What Are The Advantages Of An Mri
Research has shown that using an MRI image to guide a biopsy improves detection of prostate tumors that require treatment, while finding fewer tumors that are called biologically insignificant. This means that they do not need any immediate treatment and are not likely to pose a threat to the patient. Because using an MRI image gives doctors better information and reduces the chance that a serious tumor will be missed, it should also mean that patients with blood-test results that suggest possible prostate cancer are less likely to need repeat biopsies because the first one may have produced a false negative.
Comparative Effectiveness Of Magnetic Resonance Imaging
- Harvard Medical School, Boston, MADivision of Urologic Surgery, Beth Israel Deaconess Medical Center, Boston, MA
- Harvard Medical School, Boston, MADivision of Urologic Surgery, Beth Israel Deaconess Medical Center, Boston, MA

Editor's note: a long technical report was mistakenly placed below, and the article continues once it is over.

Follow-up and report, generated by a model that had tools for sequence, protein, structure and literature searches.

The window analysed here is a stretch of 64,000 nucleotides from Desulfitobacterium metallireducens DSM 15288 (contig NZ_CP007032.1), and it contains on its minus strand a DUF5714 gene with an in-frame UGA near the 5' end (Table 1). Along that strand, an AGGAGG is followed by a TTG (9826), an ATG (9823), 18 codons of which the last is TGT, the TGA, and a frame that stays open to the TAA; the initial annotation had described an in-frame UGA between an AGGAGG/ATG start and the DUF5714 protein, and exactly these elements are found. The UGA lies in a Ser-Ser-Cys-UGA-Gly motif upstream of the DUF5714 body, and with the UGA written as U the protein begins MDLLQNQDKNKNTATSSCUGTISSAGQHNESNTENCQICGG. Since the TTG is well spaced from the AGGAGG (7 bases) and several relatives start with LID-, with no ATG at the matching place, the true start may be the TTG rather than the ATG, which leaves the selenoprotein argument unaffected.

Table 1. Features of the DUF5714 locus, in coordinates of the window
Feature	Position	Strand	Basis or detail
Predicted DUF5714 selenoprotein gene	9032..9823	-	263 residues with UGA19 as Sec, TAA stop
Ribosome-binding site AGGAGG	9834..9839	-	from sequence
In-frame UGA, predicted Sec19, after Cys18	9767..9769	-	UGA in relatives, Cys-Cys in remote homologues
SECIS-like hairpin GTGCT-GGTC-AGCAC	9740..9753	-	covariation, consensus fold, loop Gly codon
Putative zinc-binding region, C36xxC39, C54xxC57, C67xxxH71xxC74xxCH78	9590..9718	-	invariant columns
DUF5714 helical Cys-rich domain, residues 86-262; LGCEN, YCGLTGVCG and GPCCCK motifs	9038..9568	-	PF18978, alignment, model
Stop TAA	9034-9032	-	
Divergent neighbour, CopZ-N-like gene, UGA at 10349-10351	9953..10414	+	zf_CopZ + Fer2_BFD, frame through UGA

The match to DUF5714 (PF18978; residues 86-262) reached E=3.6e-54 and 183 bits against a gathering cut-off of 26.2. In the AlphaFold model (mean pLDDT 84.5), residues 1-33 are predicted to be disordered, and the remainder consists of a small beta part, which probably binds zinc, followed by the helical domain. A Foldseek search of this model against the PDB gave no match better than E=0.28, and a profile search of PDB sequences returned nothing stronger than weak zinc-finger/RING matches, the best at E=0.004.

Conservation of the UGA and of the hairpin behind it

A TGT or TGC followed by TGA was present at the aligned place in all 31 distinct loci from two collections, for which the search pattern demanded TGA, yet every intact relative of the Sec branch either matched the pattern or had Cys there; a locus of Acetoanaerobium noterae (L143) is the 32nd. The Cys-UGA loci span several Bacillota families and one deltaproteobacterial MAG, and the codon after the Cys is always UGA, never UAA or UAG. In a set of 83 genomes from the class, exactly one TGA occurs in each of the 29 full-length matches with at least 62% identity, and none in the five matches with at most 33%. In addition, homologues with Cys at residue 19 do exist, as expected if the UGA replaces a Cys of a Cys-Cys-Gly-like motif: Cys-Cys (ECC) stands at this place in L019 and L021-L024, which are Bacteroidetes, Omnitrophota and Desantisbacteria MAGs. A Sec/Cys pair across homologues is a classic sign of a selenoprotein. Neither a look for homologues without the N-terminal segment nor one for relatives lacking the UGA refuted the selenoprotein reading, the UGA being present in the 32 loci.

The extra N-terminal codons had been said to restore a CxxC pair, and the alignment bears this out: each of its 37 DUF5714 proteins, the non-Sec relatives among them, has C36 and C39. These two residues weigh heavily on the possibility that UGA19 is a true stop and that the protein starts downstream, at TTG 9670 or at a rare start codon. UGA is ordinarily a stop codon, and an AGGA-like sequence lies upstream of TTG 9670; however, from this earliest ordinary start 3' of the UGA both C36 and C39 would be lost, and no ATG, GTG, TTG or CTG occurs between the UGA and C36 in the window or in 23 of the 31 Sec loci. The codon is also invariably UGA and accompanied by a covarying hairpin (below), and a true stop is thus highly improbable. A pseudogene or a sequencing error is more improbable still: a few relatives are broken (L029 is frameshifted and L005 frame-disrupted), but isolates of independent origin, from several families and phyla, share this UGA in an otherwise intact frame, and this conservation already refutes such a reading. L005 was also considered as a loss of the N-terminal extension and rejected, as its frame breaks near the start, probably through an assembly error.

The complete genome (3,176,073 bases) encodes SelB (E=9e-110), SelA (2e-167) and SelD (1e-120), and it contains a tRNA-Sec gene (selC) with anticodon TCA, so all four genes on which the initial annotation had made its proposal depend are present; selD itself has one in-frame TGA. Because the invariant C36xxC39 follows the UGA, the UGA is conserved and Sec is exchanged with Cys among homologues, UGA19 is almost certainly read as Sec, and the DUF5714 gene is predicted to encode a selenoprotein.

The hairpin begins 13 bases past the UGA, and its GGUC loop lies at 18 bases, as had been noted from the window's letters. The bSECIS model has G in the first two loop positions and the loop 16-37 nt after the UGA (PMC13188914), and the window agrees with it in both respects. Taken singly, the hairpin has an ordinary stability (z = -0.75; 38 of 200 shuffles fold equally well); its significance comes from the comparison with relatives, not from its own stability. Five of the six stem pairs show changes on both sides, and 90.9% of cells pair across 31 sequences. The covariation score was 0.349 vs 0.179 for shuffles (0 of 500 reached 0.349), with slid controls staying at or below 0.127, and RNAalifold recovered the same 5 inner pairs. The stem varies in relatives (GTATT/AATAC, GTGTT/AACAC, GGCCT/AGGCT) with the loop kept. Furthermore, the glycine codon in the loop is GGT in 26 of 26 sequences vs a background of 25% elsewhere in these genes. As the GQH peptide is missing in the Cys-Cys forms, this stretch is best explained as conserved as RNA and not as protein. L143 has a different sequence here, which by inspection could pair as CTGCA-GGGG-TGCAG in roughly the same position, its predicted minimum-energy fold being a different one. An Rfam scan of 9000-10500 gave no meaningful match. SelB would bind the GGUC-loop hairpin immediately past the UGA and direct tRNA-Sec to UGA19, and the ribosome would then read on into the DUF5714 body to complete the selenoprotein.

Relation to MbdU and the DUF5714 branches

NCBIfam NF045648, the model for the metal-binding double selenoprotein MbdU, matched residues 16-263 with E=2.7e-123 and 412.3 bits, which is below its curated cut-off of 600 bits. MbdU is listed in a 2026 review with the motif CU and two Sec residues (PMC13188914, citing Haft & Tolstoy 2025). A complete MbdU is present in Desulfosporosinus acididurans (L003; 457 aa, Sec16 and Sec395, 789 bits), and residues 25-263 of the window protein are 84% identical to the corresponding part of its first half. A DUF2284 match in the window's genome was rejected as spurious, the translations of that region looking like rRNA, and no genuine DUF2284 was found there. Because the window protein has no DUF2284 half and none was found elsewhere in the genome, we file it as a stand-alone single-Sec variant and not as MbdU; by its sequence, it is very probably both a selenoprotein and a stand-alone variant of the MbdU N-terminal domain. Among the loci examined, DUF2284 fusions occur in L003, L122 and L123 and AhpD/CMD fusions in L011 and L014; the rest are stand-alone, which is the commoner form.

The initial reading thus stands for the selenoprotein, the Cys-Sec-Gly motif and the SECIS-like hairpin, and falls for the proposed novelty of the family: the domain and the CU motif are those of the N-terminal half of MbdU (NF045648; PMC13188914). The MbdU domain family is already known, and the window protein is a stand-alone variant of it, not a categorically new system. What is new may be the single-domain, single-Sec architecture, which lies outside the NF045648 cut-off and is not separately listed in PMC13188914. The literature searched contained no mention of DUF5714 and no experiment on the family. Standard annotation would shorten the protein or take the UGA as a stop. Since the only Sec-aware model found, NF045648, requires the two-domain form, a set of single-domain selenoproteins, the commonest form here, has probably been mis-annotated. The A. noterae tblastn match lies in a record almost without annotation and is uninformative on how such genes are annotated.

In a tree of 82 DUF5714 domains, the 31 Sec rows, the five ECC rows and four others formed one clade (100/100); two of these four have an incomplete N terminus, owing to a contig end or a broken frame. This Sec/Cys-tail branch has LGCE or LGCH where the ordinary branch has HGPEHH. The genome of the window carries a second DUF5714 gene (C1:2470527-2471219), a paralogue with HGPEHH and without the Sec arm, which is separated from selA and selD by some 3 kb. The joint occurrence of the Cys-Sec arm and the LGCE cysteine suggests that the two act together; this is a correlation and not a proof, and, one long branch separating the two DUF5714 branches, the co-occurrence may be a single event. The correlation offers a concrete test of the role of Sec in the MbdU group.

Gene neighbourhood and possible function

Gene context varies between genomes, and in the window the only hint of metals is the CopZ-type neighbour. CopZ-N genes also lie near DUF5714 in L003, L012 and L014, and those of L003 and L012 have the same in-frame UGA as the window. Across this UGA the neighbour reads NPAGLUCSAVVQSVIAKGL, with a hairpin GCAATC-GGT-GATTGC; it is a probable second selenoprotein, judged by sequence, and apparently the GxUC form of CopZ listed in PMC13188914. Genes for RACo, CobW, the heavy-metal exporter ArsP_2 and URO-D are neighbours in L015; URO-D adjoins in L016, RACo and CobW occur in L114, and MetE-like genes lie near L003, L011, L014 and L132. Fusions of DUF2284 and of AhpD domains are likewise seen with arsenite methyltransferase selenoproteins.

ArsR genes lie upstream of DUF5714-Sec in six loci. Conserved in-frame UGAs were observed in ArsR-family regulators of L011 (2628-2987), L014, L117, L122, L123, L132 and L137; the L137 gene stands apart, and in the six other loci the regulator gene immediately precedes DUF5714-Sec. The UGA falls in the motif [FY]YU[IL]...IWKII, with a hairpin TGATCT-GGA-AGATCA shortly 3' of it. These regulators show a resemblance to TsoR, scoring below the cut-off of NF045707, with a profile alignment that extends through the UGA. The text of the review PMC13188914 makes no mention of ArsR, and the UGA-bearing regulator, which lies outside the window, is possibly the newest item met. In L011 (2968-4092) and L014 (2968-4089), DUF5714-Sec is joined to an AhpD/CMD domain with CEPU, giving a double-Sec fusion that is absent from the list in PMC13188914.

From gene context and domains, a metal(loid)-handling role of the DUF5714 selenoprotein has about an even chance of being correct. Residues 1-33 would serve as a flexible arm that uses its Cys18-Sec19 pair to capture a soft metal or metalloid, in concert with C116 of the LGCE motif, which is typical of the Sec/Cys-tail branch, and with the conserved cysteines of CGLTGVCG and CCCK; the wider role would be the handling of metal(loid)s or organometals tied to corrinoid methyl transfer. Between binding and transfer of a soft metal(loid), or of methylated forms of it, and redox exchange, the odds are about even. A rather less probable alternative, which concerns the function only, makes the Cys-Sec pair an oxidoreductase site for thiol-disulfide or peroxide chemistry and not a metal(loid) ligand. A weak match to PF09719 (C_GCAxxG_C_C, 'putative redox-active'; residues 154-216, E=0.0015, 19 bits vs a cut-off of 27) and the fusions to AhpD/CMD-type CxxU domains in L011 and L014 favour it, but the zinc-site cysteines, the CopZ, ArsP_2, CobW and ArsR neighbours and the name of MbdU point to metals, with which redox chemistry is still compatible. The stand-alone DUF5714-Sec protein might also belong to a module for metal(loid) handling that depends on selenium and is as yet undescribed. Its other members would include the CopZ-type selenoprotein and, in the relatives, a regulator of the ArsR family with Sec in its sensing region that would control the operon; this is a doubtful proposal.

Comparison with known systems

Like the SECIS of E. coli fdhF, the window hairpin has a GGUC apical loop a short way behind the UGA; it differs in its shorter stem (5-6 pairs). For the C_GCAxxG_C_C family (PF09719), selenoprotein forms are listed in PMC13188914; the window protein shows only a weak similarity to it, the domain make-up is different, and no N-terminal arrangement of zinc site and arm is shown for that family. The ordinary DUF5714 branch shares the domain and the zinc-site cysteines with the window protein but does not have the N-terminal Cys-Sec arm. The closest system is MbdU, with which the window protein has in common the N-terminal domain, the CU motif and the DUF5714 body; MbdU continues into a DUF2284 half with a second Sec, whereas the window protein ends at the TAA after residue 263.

- Harvard Medical School, Boston, MADepartment of Radiology, Beth Israel Deaconess Medical Center, Boston, MA
- Boris GershmanCorrespondenceAddress correspondence to: Boris Gershman, M.D., Division of Urologic Surgery, Beth Israel Deaconess Medical Center, Boston, MA 02215Harvard Medical School, Boston, MADivision of Urologic Surgery, Beth Israel Deaconess Medical Center, Boston, MA
How Does The Procedure Work
Ultrasound imaging uses the same principles as the sonar that bats, ships, and fishermen use. When a sound wave strikes an object, it bounces back or echoes. By measuring these echo waves, it is possible to determine how far away the object is as well as its size, shape, and consistency. This includes whether the object is solid or filled with fluid.
Doctors use ultrasound to detect changes in the appearance of organs, tissues, and vessels and to detect abnormal masses, such as tumors.